Loading ...
Sorry, an error occurred while loading the content.

Re: technical question

Expand Messages
  • Rich Haberkorn
    Hi Sheldon, more questions on this; Rich1; I think i got it now, and correct me if i am wrong here. I deduce from your site [nice technical info btw] that the
    Message 1 of 9 , Dec 1, 2007
    • 0 Attachment
      Hi Sheldon, more questions on this;
      Rich1; I think i got it now, and correct me if i am wrong here.
      I deduce from your site [nice technical info btw] that the 'c' was
      originally to designate the rim width.
      -
      Sheldon; No, the "C" designated a tire width, not rim width.
      It originally applied to a rather wide tire with a 700 mm outside
      diameter. 700B was a thinner tire with the same outside diameter, so
      it needed a larger diameter rim. Same for 700A but even more so.
      Over time, people started going with narrower and narrower tires
      on 700C rims.
      -
      Rich2; now your talken 700C rims rather than 700C tires, so did the
      rims eventually take-on the designation for the "matching" tire size?
      My original question was about the 'C' rim designation.
      and
      If 700C is a tire width designation, then do we see 700C size
      tubulars??

      Sheldon; Now when you see wide 700C tires, they're called "29
      inch" by the marketeers, as if it hadn't been confusing enough
      before!
      -
      R2; oh,..i wondered about that, humm
      -
      Sheldon; Safer to call them 622 mm, that avoids confusion once you
      get used to the modern system.
      -
      R2; What do ya call 622 mm, the rims or the tires?
      >
      > Sheldon "ISO/E.T.R.T.O." Brown
      > http://sheldonbrown.com/tire-sizing
      > +---------------------------------------------+
      > | The nice thing about standards is that |
      > | there are so many of them to choose from. |
      > | --Andrew S. Tanenbaum |
      > +---------------------------------------------+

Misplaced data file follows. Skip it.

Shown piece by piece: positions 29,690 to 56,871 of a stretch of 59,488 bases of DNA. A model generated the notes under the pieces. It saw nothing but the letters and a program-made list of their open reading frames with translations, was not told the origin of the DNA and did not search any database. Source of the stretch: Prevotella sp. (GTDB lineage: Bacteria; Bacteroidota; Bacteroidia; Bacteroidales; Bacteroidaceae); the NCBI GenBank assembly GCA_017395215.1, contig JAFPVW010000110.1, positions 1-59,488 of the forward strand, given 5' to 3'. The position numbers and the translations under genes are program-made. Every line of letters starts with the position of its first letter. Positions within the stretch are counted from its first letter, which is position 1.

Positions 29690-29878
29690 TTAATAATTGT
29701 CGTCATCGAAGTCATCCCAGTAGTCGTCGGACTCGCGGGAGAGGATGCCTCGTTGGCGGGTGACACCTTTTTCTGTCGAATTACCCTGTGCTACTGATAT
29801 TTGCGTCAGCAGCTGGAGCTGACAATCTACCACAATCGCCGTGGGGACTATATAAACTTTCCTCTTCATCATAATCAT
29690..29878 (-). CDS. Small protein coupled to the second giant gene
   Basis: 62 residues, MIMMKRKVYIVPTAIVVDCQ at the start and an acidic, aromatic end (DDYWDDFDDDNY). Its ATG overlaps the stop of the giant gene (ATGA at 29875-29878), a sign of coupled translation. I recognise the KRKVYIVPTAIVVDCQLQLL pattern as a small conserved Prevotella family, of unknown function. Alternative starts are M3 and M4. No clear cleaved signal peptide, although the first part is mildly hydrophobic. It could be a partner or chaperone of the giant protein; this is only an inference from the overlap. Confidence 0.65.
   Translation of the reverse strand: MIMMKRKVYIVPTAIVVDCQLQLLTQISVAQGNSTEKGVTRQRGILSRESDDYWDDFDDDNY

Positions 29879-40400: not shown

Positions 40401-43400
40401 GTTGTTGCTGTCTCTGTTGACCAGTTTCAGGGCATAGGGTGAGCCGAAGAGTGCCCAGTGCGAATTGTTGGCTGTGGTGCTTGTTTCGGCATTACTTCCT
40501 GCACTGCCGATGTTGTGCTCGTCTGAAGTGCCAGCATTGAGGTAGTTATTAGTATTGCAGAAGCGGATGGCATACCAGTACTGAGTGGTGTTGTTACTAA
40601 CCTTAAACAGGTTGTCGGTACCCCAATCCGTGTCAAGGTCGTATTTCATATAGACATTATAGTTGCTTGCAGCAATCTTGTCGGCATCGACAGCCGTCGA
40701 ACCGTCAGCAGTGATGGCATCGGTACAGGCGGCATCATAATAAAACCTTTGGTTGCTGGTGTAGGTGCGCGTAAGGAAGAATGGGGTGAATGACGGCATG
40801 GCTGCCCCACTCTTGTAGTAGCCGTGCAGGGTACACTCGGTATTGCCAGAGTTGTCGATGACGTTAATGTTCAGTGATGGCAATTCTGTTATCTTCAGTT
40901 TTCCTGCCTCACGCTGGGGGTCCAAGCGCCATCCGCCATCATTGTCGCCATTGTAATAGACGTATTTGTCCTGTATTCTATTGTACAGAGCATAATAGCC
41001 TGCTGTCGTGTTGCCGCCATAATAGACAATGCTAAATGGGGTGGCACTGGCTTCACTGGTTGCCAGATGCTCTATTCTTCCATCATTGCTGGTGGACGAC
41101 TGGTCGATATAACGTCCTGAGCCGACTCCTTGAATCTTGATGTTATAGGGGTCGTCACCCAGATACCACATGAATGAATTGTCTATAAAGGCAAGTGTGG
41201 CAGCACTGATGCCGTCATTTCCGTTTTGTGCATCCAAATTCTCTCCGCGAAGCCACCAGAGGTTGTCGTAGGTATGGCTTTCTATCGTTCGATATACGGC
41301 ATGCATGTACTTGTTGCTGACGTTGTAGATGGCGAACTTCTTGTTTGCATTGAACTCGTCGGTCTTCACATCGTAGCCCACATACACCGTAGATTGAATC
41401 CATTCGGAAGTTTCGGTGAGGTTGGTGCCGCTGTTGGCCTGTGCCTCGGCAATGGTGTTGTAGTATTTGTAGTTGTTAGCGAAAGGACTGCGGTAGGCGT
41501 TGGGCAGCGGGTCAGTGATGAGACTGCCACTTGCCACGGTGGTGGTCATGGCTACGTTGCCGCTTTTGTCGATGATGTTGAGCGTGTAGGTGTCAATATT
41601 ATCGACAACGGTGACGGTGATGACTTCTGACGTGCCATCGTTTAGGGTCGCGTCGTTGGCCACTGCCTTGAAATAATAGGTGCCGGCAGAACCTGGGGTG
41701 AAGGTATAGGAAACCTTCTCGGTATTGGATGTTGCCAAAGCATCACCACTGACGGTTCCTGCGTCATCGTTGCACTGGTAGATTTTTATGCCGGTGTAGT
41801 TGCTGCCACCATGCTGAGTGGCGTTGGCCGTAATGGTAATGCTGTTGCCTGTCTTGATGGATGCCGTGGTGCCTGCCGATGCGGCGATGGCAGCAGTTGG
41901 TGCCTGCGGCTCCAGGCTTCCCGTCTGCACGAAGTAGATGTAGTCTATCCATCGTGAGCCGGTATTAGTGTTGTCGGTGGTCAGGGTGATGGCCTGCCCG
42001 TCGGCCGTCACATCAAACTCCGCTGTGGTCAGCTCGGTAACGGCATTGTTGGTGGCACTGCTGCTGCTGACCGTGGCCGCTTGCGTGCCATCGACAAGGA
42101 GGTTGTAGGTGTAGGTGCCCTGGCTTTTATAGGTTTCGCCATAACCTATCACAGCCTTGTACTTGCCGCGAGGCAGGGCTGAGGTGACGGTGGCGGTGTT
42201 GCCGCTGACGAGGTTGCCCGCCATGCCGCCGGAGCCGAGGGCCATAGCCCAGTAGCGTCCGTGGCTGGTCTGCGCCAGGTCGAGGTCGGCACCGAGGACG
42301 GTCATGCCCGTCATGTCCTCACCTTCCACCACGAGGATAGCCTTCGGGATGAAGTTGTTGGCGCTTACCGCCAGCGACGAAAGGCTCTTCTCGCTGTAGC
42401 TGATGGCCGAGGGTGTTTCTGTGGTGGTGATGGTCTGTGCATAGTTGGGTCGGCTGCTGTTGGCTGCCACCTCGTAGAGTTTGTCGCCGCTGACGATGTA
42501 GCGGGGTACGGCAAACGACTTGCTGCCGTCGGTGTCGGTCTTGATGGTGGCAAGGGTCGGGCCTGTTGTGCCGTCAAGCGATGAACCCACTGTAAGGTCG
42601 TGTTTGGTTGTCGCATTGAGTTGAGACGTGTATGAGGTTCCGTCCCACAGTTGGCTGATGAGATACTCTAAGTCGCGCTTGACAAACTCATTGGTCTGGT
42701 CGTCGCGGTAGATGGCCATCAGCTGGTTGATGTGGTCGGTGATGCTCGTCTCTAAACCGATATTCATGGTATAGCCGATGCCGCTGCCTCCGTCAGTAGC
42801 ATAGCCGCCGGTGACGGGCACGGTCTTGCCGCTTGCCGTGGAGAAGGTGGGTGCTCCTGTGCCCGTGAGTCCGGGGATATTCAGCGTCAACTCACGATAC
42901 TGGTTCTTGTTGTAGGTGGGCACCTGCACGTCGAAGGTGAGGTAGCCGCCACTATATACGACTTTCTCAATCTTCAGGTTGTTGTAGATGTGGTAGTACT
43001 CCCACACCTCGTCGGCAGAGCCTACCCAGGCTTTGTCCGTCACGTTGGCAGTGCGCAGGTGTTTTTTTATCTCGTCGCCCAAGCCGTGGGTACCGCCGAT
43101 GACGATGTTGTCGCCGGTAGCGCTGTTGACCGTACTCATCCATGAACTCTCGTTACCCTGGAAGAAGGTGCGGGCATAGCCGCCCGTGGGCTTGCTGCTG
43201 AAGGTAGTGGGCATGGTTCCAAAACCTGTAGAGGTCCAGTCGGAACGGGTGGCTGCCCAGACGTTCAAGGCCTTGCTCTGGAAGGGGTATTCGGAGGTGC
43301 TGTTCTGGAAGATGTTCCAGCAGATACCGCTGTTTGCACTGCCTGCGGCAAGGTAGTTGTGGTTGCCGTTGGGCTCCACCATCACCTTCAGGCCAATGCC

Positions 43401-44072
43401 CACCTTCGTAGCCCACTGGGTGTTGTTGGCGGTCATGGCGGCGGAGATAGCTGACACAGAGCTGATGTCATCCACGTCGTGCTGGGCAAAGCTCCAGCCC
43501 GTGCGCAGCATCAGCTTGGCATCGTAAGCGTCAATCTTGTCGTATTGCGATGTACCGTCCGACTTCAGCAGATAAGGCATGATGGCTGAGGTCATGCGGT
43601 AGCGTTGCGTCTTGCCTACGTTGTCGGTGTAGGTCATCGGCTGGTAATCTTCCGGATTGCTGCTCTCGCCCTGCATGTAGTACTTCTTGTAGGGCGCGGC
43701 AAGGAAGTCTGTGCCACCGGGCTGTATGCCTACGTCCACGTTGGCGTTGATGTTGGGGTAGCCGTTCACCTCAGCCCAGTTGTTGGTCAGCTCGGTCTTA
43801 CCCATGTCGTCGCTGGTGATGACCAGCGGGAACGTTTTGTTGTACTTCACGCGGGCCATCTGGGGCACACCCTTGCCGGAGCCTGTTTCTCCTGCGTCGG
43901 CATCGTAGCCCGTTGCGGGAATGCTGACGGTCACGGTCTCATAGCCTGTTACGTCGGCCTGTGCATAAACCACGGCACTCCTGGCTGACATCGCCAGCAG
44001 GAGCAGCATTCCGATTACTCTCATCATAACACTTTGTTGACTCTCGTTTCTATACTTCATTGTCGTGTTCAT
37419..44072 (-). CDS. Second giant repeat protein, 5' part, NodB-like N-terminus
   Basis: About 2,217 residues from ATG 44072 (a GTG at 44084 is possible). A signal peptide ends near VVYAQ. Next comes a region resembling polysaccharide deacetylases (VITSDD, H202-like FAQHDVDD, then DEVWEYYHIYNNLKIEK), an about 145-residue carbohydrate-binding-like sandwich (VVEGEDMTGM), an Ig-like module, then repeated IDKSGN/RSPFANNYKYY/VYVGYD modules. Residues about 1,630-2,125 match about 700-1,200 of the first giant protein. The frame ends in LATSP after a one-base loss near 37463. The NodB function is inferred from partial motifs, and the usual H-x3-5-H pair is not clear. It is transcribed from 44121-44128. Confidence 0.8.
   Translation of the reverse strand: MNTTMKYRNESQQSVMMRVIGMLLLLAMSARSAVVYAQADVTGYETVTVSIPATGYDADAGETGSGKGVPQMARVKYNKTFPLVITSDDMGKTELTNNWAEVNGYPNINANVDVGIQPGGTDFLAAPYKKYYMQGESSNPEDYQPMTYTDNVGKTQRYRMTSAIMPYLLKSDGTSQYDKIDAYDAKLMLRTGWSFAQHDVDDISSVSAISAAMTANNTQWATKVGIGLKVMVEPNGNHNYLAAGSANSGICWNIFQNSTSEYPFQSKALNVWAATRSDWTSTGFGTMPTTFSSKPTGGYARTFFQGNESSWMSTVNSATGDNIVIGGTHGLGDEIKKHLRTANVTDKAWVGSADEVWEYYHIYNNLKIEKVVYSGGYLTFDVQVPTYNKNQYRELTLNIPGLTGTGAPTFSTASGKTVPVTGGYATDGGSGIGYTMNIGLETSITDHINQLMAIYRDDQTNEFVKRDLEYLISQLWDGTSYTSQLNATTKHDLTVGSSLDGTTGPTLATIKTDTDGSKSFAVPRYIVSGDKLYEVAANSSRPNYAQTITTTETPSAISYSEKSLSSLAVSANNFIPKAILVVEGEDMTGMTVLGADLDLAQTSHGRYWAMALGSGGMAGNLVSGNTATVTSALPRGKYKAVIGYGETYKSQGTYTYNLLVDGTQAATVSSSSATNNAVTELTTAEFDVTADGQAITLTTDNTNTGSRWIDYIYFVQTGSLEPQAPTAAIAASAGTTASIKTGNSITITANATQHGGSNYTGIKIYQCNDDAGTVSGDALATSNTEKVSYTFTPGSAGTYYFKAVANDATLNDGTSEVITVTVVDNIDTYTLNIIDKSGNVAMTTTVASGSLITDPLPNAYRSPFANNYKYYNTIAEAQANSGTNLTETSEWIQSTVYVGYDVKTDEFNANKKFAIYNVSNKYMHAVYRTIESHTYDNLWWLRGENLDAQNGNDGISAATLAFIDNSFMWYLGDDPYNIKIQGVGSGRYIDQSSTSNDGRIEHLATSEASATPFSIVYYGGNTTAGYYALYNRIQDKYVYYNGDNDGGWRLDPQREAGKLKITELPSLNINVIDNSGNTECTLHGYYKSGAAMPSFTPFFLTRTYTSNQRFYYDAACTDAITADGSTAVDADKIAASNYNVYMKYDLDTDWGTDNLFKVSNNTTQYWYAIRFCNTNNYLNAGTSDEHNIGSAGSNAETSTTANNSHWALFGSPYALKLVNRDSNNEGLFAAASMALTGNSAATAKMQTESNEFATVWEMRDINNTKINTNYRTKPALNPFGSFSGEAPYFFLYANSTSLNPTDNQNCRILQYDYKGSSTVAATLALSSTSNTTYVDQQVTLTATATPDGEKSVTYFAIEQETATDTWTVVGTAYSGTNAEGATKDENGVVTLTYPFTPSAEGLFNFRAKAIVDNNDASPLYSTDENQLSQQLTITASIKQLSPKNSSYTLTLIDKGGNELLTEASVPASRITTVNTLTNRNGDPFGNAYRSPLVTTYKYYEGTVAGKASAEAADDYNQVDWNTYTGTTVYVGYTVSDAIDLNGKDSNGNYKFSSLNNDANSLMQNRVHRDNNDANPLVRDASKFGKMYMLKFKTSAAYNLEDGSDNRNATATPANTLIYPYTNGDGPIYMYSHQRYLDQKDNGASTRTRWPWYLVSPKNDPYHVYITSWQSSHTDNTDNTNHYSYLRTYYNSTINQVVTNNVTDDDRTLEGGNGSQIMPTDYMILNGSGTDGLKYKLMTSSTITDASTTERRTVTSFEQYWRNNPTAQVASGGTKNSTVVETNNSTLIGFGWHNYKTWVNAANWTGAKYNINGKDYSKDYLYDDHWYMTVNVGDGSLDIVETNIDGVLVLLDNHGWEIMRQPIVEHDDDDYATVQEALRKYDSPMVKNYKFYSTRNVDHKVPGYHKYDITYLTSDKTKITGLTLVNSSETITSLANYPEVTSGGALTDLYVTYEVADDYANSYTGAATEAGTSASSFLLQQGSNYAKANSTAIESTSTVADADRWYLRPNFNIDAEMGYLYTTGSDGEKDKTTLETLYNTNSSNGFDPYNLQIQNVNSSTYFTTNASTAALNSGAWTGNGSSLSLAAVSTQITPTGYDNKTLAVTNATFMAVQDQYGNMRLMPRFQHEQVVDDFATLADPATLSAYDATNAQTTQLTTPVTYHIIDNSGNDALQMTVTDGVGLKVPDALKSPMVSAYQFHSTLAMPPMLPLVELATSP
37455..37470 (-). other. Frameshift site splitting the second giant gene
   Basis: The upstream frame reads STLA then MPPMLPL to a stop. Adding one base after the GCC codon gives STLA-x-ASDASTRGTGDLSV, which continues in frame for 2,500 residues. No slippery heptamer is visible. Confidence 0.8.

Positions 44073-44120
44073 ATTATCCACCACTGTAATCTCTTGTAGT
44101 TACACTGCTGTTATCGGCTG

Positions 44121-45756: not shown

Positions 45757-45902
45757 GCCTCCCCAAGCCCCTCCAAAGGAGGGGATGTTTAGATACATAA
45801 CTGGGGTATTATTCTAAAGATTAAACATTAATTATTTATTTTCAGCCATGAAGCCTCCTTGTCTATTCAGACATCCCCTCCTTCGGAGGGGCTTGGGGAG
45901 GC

> --
      > Harris Cyclery, West Newton, Massachusetts
      > Phone 617-244-9772 FAX 617-244-1041
      > http://harriscyclery.com
      > Hard-to-find parts shipped Worldwide
      > http://captainbike.com
      > Useful articles about bicycles and cycling
      > http://sheldonbrown.com
      >
    • Rich Haberkorn
      Hi Sheldon, ok so i think i got it now, and correct me where i m wrong here; The letter designation was orginally for the tire width, then later, the same
      Message 2 of 9 , Dec 1, 2007
      • 0 Attachment
        Hi Sheldon, ok so i think i got it now, and correct me where i'm
        wrong here;
        The letter designation was orginally for the tire width, then
        later, the same matching letter designation 'also' became a rim
        width designation.
        So now we see a 700C rim and a 700C tire......right?
        -
        And i am thinking that the "C" [letter designation] has NOTHING to
        do with being a clincher rim, which was my original question..:-))

        am i close.?
        -
        from, Rich




        ===========
        > Rich1; I think i got it now, and correct me if i am wrong here.
        > I deduce from your site [nice technical info btw] that the 'c' was
        > originally to designate the rim width.
        > -
        > Sheldon; No, the "C" designated a tire width, not rim width.
        > It originally applied to a rather wide tire with a 700 mm
        outside
        > diameter. 700B was a thinner tire with the same outside diameter,
        so
        > it needed a larger diameter rim. Same for 700A but even more so.
        > Over time, people started going with narrower and narrower tires
        > on 700C rims.
        > -
        > Rich2; now your talken 700C rims rather than 700C tires, so did
        the
        > rims eventually take-on the designation for the "matching" tire
        size?
        > My original question was about the 'C' rim designation.
        > and
        > If 700C is a tire width designation, then do we see 700C size
        > tubulars??
        >
        > Sheldon; Now when you see wide 700C tires, they're called "29
        > inch" by the marketeers, as if it hadn't been confusing enough
        > before!
        > -
        > R2; oh,..i wondered about that, humm
        > -
        > Sheldon; Safer to call them 622 mm, that avoids confusion once you
        > get used to the modern system.
        > -
        > R2; What do ya call 622 mm, the rims or the tires?
        > >
        > > Sheldon "ISO/E.T.R.T.O." Brown
        > > http://sheldonbrown.com/tire-sizing
        > > +---------------------------------------------+
        > > | The nice thing about standards is that |
        > > | there are so many of them to choose from. |
        > > | --Andrew S. Tanenbaum |
        > > +---------------------------------------------+
        > > --
        > > Harris Cyclery, West Newton, Massachusetts
        > > Phone 617-244-9772 FAX 617-244-1041
        > > http://harriscyclery.com
        > > Hard-to-find parts shipped Worldwide
        > > http://captainbike.com
        > > Useful articles about bicycles and cycling
        > > http://sheldonbrown.com
        > >
        >
      Your message has been successfully submitted and would be delivered to recipients shortly.